• York Investment & Finance

Global Markets Overview: Asia


By Chau Tonnu, Analyst at the York IFS Global Market Telegraph


From 22 September to 6 October 2020

After China’s Ping An Insurance Group raised its stake in HSBC, the Hang Seng climbed 1%, but the gains were reversed by Wednesday when the index fell by 0.9% [i]. The Nikkei 225 ended 1.5% down, and remained that way after a system glitch which halted all trading for a day [ii]. Meanwhile. the CSI moved slightly by 0.3% following a tech rally that boosted Wall Street last Friday [iii].

The US- China trade war has taken a new turn as the US Department of Commerce has imposed restrictions on China’s biggest chipmaker, the Semiconductor Manufacturing International Corporation (SMIC). One third of SMIC’s American customers now require a licence to export US chipmaking software to SMIC, after being deemed an ‘unacceptable risk’ of being diverted to ‘military end use' [iv]. The company has already suffered after losing its biggest customer in August — Huawei — that generated 20% of revenue. The announcement led to the company’s share price to fall by 7% on Monday, reaching the lowest in five months [v]. SMIC was the ‘national champion’ for China and played a vital role in the government’s dual circulation plan in creating self-sufficiency after raising $7.6bn for its IPO in July — the biggest the country had seen in 10 years [vi]. Subsequently, the new sanctions have deepened the US-China tech war and more Chinese tech firms fear similar sanctions.

After 13 years, an international arbitration court ruled in favour of Vodafone against Indian tax authorities who demanded €3bn following the acquisition of India’s second largest mobile network company, Hutchison Essar, for £7.1bn. On Friday, Vodafone’s shares sunk 0.7% but Vodafone Idea, its Indian mobile network, rose 12% [vii]. The tax dispute halted Vodafone’s growth plans in India and led to the company pledging to stop investing in the country. Foreign direct investment towards India has also soured following the controversy.

Japanese economic recovery has been much slower than expected, despite the Covid-19 pandemic being relatively controlled in the area. In the second quarter of 2020, GDP shrunk a record of 7.9%. The industry sector has taken a hard hit, with the iron and steel sector reporting an index of -55 whilst the automobile sector showed an index of -61. Although the service sector has recovered slightly with retail up +18, the hotel and restaurant sector have notably reported an index of -87 [viii]. However, the chief cabinet secretary claims that the initiatives have made an impact — including the ‘Go To’ campaign which subsidised travels to Japan. The challenge for the new prime minister is restoring the Japanese economy and paving the way for the Tokyo Olympics next year.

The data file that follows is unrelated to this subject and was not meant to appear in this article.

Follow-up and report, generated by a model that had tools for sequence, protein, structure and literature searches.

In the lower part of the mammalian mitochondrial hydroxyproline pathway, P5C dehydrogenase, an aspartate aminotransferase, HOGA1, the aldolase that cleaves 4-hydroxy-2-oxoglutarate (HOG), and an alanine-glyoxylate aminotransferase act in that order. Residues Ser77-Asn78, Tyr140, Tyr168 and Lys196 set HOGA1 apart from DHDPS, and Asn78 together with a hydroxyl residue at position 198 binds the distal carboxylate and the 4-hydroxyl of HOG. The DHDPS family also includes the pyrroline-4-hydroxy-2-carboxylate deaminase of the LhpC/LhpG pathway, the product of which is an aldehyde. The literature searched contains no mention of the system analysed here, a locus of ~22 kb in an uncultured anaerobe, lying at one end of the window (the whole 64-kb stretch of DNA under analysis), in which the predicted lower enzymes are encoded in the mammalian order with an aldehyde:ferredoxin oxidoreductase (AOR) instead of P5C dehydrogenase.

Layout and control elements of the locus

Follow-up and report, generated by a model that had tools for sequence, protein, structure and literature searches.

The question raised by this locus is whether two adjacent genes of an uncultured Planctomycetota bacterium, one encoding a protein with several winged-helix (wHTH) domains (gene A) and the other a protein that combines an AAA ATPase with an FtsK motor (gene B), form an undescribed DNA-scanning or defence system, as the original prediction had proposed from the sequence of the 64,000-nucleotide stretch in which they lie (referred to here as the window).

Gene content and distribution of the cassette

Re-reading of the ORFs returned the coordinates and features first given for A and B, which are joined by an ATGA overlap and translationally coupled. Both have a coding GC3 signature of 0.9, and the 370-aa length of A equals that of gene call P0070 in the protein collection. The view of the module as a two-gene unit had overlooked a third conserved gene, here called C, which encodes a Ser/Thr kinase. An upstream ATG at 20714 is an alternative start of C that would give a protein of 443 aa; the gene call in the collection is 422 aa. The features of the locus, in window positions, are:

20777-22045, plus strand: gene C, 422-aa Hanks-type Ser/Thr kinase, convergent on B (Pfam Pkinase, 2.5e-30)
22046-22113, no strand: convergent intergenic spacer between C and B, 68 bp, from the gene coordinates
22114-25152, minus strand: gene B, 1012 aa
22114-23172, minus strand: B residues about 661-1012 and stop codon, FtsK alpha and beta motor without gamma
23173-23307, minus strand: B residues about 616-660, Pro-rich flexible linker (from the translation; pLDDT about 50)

This article was first published in University of York Investment and Finance Society's Global Market Telegraph (GMT) Edition 9.1 in early October 2020.


Reference list:

[i] https://www.scmp.com/business/markets/article/3103277/hong-kong-china-stocks-rise-bright-august-economic-data-and [ii] https://asia.nikkei.com/Announcements/Nikkei-average-closed-at-23-185.12-on-Thursday [iii] https://www.ft.com/content/f189b5b1-1e08-4ff1-9994-f1c89d9c1a79 [iv] https://www.ft.com/content/7325dcea-e327-4054-9b24-7a12a6a2cac6 [v] https://uk.reuters.com/article/us-usa-china-smic/smics-hong-kong-shares-tumble-after-u-s-tightens-export-restrictions-idUSKBN26J018 [vi] https://www.ft.com/content/6f513d88-1aad-4195-889e-d909411da0f4 [vii] https://www.ft.com/content/be5db92a-4cb4-4b3d-8f23-64faf44e6bd0 [viii] https://www.ft.com/content/7bab0e26-1ce2-4723-9057-96f664430652 What do you think? Let us know in the comment section below!

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